Trusts have failed to hit targets for reducing MRSA and many are not meeting basic standards for hygiene and cleanliness.
The Healthcare Commission’s annual health check found overall performance on hygiene standards had slipped. Dozens of trusts are failing to live up to the hygiene code for cutting hospital infections.
Progress on cutting MRSA levels has been slow and overall performance against the target to reduce the infection is worse than last year.
The findings will ramp up pressure on health service managers struggling to eliminate infections such as MRSA and Clostridium difficile from hospital wards.
However, Healthcare Commission chief executive Anna Walker told HSJ the slip in performance was partly due to the fact that standards on hygiene were much tougher.
The commission looked at trusts’ performance against a raft of core standards.
Of the five standards where national performance was worst, two were linked to hygiene.
A total of 111 trusts failed on one or more standards linked to the tougher hygiene code introduced in October last year.
The commission found 41 trusts failed to comply with a standard that requires them to limit the risk of infection through basic hygiene precautions and cleanliness. A further 14 trusts could not show they met the standard. Last year nearly 93 per cent met the standard, compared with 84 per cent this year.
The number of trusts meeting standards on decontaminating medical devices between patients and providing clean environments has also fallen.
Many trusts are also failing to hit national targets on MRSA, which require a year-on-year improvement. Nine trusts had failed to hit their MRSA targets for two years running.
The findings will boost fears the government will not meet its target of halving MRSA rates by March 2008. In 2006-07, 76 out of 172 acute and specialist trusts met targets on cutting MRSA compared with just over half the year before.
The commission said targets for 2006-07 had been more demanding, yet 59 trusts had managed to keep on track for two years while 25 trusts had improved their performance this year.
‘Infections are being reduced, but progress so far has been slower than planned and this has led to a worsening of trust scores overall,’ the commission’s report said.
The commission is going into 120 trusts this year as part of efforts to boost hygiene.
‘What we are seeing is that where trusts take infection control seriously you can see dramatic reduction in infection,’ Ms Walker said.
‘What has emerged from all the visits we’re doing at the moment is a similar story to Maidstone and Tunbridge Wells [where C difficile killed at least 90 people] - not in terms of the level of failure but in terms of what it is that needs to be put right.’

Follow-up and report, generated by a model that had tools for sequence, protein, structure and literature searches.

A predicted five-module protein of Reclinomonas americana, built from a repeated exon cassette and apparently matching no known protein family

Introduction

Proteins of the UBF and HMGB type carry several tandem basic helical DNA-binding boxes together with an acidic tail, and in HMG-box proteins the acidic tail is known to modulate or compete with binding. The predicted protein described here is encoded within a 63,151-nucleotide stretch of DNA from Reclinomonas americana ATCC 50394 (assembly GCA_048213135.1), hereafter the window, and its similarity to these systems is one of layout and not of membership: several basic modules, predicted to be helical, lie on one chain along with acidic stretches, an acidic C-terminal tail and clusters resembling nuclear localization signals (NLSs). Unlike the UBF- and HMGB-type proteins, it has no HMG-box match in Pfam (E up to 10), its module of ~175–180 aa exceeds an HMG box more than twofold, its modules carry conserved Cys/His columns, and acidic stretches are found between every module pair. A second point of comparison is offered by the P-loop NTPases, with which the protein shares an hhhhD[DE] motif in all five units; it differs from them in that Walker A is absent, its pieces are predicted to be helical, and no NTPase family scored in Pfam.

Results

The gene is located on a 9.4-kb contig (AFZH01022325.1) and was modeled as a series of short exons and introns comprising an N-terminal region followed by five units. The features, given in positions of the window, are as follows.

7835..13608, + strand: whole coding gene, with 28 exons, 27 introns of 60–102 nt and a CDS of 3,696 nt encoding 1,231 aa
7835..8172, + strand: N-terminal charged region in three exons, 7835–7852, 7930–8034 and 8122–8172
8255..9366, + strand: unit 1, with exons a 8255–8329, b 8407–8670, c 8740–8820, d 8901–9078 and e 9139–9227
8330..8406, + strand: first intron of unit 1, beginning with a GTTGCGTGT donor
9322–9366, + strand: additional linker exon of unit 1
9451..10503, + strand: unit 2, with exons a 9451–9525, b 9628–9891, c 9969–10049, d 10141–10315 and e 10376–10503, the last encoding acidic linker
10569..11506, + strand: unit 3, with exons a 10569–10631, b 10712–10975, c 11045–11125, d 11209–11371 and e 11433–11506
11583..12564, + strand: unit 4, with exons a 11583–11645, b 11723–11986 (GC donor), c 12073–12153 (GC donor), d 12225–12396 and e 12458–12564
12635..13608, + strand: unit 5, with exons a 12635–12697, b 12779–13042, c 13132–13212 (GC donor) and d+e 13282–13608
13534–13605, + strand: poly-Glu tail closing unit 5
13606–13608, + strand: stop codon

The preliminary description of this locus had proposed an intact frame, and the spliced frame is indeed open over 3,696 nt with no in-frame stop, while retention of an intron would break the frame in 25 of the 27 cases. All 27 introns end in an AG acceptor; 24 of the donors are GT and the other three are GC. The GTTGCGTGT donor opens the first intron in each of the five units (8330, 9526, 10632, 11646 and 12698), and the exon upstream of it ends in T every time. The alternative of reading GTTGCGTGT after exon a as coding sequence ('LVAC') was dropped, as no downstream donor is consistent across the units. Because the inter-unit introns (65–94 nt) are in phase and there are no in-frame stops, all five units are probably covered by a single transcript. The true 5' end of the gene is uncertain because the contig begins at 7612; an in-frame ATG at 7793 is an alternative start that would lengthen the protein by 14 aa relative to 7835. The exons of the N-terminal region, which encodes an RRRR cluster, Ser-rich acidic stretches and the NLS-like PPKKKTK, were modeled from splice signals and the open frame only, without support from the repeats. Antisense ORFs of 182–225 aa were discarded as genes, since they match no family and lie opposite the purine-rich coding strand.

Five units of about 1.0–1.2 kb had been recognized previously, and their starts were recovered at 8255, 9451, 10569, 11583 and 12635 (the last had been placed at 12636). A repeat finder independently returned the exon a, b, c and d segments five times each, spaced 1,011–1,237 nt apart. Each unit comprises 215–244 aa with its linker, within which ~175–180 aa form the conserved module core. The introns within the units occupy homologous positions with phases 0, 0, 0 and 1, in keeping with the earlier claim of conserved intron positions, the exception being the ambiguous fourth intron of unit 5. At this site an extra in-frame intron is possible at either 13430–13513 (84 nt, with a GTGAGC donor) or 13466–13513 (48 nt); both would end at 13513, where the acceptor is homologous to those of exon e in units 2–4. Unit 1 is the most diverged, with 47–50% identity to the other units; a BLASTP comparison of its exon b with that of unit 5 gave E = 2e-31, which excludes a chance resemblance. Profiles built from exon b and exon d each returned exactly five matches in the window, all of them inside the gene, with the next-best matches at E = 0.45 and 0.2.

She said trust boards must make infection control a priority from the board to the ward.
Other priorities were staff training and ensuring that isolation facilities were in place.
The best and worst
‘Double excellent’ trusts
Basingstoke and North Hampshire foundation trust
Birmingham Children’s Hospital foundation trust
Calderdale and Huddersfield foundation trust
Cambridge University Hospitals foundation trust
Chelsea and Westminster Hospital foundation trust
Chesterfield Royal Hospital foundation trust
Frimley Park Hospital foundation trust
Guy’s and St Thomas’ foundation trust
Heart of England foundation trust
Liverpool Women’s Hospital foundation trust
Papworth Hospital foundation trust
Queen Victoria Hospital foundation trust
Royal Marsden foundation trust
Salford Royal foundation trust
Sheffield Children’s foundation trust
Sheffield Teaching Hospitals foundation trust
South Essex Partnership foundation trust
South Staffordshire Healthcare foundation trust
Yeovil District Hospital foundation trust
‘Double weak’ trusts
Cumbria primary care trust
Devon primary care trust
East and North Hertfordshire primary care trust
Great Western Ambulance Service trust
Leicestershire County and Rutland primary care trust
Luton Teaching primary care trust
Maidstone and Tunbridge Wells trust
Mid Essex primary care trust
Northern Devon Healthcare trust
Royal Cornwall Hospitals trust
Royal United Hospital Bath trust
Scarborough and North East Yorkshire Healthcare trust
Sheffield primary care trust
Surrey and Sussex Healthcare trust
Surrey primary care trust
West Hertfordshire Hospitals trust
West Hertfordshire primary care trust
Wiltshire primary care trust
Worcestershire Acute Hospitals trust
Yorkshire Ambulance Service trust
To read more on infection targets, click here
For more HSJ coverage of the health check, click here